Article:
The Pathos of Politics (121-3) Japan


Via compulsory insurance, Japan adopted universal health care in 1947. Though the system is nationwide, it is managed at the regional and local government levels.

Patients are free to select their physicians and are never denied care. The Japanese get good basic care, and never have to worry about huge medical bills. Surgery and treatment outcomes generally equal or surpass those in the US.

Patients pay 10–30% of the fee. The government picks up the rest. Fees are waived for the poor and homeless.

Japan has one of the lowest per-capita costs for health care in the industrialized world. The Japanese have the longest life expectancy, and one of the lowest infant mortality rates.

The government controls medical fees. This keeps costs low, which is not an altogether unalloyed good.

Emergency care is often poor. One reason for this is that there are too many small clinics and not enough hospitals. Doctors prefer this because they can work less and earn more.

Some doctors see as many as 150 patients a day. Patients can nearly always see a doctor within a day. Waiting for an hour or more for an appointment is common.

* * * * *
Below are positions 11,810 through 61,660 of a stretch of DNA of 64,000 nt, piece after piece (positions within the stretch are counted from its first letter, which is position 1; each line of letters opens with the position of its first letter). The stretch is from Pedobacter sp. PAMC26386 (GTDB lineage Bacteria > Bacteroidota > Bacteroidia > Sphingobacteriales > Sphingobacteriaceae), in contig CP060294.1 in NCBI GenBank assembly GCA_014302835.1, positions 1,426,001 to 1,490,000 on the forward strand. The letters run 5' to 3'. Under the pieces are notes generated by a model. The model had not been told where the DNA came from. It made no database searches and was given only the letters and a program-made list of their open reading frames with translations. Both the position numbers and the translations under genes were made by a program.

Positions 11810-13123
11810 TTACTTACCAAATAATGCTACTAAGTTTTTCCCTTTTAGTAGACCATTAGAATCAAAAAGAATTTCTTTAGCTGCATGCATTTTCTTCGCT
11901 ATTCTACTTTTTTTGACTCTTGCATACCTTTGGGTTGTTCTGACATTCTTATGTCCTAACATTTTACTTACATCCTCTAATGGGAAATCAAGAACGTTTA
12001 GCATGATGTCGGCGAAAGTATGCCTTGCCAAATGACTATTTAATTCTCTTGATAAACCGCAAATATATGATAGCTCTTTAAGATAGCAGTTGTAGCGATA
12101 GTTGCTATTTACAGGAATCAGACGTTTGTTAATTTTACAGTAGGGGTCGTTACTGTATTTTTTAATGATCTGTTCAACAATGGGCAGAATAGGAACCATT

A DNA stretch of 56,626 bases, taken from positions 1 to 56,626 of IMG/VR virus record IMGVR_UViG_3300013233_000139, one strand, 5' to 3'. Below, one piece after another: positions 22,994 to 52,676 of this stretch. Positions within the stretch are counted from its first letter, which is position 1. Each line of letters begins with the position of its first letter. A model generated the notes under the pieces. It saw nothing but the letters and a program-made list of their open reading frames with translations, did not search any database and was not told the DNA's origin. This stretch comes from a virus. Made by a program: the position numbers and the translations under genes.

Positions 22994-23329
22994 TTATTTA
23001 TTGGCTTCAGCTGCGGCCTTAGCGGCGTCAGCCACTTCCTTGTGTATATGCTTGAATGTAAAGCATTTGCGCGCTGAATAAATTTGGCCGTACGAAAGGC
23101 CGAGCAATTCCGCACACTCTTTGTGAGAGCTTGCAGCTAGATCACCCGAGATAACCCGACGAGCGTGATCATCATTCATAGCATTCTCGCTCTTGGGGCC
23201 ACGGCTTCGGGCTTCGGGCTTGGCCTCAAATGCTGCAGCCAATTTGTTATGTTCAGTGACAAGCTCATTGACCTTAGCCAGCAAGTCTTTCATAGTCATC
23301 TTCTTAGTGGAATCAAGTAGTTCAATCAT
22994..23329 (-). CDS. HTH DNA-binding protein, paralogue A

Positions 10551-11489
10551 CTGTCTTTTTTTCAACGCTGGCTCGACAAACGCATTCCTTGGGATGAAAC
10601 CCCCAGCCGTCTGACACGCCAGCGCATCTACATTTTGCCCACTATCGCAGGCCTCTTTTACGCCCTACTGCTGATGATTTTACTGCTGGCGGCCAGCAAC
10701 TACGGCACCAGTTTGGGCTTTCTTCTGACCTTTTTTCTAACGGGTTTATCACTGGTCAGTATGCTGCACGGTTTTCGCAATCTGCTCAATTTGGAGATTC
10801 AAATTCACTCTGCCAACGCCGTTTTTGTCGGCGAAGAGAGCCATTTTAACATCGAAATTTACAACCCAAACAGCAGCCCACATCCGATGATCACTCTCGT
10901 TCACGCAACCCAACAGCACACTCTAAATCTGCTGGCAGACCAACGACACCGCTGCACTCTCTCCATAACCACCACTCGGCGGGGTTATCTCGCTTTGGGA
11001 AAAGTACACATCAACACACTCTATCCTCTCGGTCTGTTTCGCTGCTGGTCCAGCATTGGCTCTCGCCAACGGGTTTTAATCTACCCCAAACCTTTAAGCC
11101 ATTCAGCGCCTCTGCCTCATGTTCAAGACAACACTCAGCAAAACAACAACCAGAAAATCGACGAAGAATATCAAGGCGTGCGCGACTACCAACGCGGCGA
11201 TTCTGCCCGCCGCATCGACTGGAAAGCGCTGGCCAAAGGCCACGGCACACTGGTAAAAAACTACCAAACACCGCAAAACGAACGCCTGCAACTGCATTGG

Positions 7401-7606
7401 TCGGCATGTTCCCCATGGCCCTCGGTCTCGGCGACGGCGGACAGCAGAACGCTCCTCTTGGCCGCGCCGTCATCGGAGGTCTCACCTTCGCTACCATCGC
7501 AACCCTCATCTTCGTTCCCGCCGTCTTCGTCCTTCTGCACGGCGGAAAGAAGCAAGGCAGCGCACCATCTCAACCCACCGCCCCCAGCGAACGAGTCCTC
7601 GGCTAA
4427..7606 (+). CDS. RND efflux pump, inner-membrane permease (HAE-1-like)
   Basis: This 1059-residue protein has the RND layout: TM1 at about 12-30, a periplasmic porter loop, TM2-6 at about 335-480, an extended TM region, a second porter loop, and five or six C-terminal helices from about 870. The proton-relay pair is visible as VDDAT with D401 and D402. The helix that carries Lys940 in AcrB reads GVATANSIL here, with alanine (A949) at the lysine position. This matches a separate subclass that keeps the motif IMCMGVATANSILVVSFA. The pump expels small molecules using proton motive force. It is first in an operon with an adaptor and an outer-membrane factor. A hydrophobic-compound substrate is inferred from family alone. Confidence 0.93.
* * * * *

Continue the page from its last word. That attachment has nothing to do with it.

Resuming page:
Because their salaries are low, doctors tend to overprescribe tests and drugs. Clinics commonly have their own pharmacies. Prescription pill popping by the Japanese is excessive.

Japan has too few doctors – 1/3rd less than the rich-world average – because of state quotas. The shortage is severe in rural areas, and in certain specialties.

Hospital stays are 4 times as long in Japan as in the US. Japanese hospitals do not prioritize patents, so there can be a crowding-out effect for emergency care or more patients.

Patients are treated too equally. Beds are occupied by less-urgent cases, and there are no penalties for those who over-use the system. ~ Japanese health care analyst Naohiro Yashiro

Hospital doctors are often overworked, and so lack the time to hone life-saving specialized skills. Japanese are much less likely to have a heart attack than Americans, but when they do, they are twice as likely to die.